If Apple had a motto for its product strategy, it would be, "Don't take anything for granted." The new iPhone and iPods are re-formed from the guts to the skin: Faster processors, faster connection speeds, better cameras, more microphones, new connectors, taller displays, and they're thinner and lighter to boot. iTunes and the App Store are redesigned to feel more modern and help with content discovery. These product improvements are aimed at convincing consumers that there's enough value to upgrade from their current Apple products, as well as growing market share by convincing non-iPhone users that it's finally time to trade in their BlackBerrys, Droids, and flip phones and join the iOS fold. Apple will be successful on both fronts -- not just because its products are well designed, but also because Apple's product marketing is on point. It will be the fastest iPhone rollout ever, available in 100 countries on 240 carriers by the end of the year. Older models of the iPhone will be cheap (4S for $99 with contract) or free (4 with contract)--including on Verizon and Sprint in the US, not just AT&T, which will positively impact market share.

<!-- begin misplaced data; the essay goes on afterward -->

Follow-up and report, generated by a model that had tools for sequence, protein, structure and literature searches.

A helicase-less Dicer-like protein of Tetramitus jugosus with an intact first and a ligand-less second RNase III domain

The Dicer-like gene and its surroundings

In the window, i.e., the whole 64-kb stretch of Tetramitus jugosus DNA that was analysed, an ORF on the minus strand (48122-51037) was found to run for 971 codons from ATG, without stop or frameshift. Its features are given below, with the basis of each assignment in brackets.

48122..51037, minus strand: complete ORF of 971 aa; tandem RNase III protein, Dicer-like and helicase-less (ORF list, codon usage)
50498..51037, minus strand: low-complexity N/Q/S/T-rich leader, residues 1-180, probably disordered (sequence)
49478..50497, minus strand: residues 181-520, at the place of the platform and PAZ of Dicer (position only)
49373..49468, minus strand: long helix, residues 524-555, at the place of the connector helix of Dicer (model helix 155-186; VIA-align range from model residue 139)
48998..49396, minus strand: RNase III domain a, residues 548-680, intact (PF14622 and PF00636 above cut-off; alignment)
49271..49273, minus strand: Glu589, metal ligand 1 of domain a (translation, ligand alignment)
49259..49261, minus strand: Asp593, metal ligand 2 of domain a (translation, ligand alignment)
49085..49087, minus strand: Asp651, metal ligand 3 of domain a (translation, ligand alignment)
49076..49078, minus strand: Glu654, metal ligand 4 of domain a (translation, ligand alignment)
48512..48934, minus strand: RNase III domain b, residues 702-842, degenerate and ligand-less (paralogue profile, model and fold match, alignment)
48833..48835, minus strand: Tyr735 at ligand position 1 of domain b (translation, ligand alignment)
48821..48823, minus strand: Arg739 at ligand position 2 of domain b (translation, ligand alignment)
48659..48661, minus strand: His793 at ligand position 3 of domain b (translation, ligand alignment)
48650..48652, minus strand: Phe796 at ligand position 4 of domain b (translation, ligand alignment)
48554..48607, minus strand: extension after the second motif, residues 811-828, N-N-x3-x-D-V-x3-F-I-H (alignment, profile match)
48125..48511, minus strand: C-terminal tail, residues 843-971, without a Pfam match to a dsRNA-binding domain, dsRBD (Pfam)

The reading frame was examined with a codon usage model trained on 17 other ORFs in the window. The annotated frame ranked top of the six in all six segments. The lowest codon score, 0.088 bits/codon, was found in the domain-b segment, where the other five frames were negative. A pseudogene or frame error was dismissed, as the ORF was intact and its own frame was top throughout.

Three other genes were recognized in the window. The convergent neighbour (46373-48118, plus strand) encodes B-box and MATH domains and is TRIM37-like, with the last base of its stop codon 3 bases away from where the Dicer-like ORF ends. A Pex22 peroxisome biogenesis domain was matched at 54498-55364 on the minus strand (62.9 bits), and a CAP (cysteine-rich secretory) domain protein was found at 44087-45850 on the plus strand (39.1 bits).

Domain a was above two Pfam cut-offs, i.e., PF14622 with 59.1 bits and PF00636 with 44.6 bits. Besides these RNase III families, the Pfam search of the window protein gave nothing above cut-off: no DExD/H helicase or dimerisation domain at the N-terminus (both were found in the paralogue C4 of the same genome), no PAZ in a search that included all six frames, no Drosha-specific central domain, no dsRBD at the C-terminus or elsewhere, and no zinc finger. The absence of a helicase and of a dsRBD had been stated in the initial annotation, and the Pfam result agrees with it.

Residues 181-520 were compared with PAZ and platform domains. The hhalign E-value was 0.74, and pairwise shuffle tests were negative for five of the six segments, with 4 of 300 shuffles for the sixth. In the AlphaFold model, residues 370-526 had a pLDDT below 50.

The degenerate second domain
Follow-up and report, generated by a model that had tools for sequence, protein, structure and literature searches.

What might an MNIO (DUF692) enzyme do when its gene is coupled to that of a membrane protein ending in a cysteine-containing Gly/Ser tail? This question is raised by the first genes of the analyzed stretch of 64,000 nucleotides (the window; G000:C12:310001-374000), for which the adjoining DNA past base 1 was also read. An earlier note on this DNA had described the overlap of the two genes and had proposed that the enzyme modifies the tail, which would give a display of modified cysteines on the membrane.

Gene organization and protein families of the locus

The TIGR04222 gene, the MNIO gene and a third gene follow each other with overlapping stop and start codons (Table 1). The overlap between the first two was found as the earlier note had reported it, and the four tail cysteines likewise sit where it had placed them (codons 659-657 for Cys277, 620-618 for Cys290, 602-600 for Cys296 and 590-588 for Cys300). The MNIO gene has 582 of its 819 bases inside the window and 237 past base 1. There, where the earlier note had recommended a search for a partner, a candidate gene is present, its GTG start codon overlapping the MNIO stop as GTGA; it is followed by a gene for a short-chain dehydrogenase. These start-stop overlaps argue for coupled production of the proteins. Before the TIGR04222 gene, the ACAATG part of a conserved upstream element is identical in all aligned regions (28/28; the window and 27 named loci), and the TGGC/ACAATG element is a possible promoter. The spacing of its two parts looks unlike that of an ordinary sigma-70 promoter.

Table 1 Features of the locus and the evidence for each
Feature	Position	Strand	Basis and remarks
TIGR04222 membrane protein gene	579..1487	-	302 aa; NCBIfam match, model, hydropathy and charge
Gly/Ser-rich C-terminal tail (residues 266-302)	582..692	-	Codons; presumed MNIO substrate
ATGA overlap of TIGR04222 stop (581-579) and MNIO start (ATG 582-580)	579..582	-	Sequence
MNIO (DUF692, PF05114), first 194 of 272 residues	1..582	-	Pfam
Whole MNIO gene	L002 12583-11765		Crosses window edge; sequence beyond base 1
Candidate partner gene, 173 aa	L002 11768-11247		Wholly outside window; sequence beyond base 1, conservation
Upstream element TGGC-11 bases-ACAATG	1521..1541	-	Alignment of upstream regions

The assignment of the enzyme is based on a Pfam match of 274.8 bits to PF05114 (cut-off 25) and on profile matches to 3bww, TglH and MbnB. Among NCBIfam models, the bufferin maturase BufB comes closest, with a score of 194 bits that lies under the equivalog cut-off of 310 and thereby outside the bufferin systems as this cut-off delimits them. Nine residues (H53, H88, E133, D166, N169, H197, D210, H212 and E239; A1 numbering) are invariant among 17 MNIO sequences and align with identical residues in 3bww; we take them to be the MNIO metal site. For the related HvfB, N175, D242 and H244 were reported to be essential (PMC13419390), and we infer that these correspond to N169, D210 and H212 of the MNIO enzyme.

But I think there's a more interesting story to be told than just market share. These products tell us a lot about Apple's vision for the post-PC future. Apple has sold more than 400 million iOS devices through June 2012, and it has more than 435 million iTunes accounts with one-click purchasing, so it will certainly have great influence over the post-PC experience of many millions of consumers. And here's what that experience is likely to be:
One of the most popular questions clients ask me is, “When will tablets be used for productivity, rather than just consumption?” My answer: They already are, but in different ways than we have come to expect from the PC era. As I discuss in a new Forrester report, tablets, smartphones, and future devices like wearables are tools of a new era of post-PC productivity.